The Pope had some strong words for Europe's most important assembly: The European Parliament.
In his speech, he urged politicians and institutions to leave aside counterproductive bureaucratic models and instead to re-engage in the goal founders of the European Union had when they envisioned a future based on cooperation and fostering peace.
"At the heart of this ambitious political project is confidence in people, not so much as a citizen or an economic agent, but in people, men and women who are endowed with transcendent dignity.”
Dignity was a theme he highlighted many times. Offenses against dignity come in many forms, he explained, from not being able to express one's faith publicly, to gender discrimination, unemployment and a lack of food.
It's transcendent human dignity, he added, because it trumps all other possible interests.
"I would like to reaffirm the centrality of the human person, which otherwise is at the mercy of the whims and the powers of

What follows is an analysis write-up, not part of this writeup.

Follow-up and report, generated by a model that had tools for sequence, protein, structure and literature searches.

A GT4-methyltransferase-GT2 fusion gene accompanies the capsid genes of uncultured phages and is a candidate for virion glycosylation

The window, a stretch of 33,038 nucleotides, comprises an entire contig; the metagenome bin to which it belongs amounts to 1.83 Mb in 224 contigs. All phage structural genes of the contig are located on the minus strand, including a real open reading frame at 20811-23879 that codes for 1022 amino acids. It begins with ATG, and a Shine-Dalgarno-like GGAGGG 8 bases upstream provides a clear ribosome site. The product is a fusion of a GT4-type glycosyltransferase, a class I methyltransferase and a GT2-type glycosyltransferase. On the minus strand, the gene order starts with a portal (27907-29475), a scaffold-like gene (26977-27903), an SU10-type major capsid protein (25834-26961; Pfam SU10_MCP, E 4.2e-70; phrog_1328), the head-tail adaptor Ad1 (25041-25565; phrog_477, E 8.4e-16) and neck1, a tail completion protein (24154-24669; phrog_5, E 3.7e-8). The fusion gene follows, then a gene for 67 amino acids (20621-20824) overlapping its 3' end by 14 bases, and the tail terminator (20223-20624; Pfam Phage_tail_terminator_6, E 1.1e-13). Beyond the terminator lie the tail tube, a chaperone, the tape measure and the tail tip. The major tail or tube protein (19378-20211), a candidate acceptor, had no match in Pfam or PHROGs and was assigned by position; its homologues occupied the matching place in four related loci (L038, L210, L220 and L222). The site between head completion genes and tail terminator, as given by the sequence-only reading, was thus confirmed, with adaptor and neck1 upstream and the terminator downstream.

As representatives of 28 countries, Pope Francis also reminded them, of the effects their decisions have and of their responsibility to serve and protect democracy.
"Keeping democracies alive is a challenge in the present historic moment. The true strength
of our democracies, understood as expressions of the political will of the people, must not be
allowed to collapse under the pressure of multinational interests which are not universal, which weaken them and turn them into uniform systems of economic power at the service of unseen empires. This is one of the challenges which history sets before you today.”
The Pope then called on them to build and not just to manage. Recognizing human dignity isn't enough, he explained. They must take it a step further and promote family life, education, care for the environment and attention to immigration.
"Dear Members of the European Parliament, the time has come to work together in building
a Europe which revolves not around the economy, but around the sacredness of the human
person, around inalienable values.”
At the end of his speech, the Parliament, which includes 751 legislators and who represent more than 500 million Europeans, gave the Pope this standing ovation.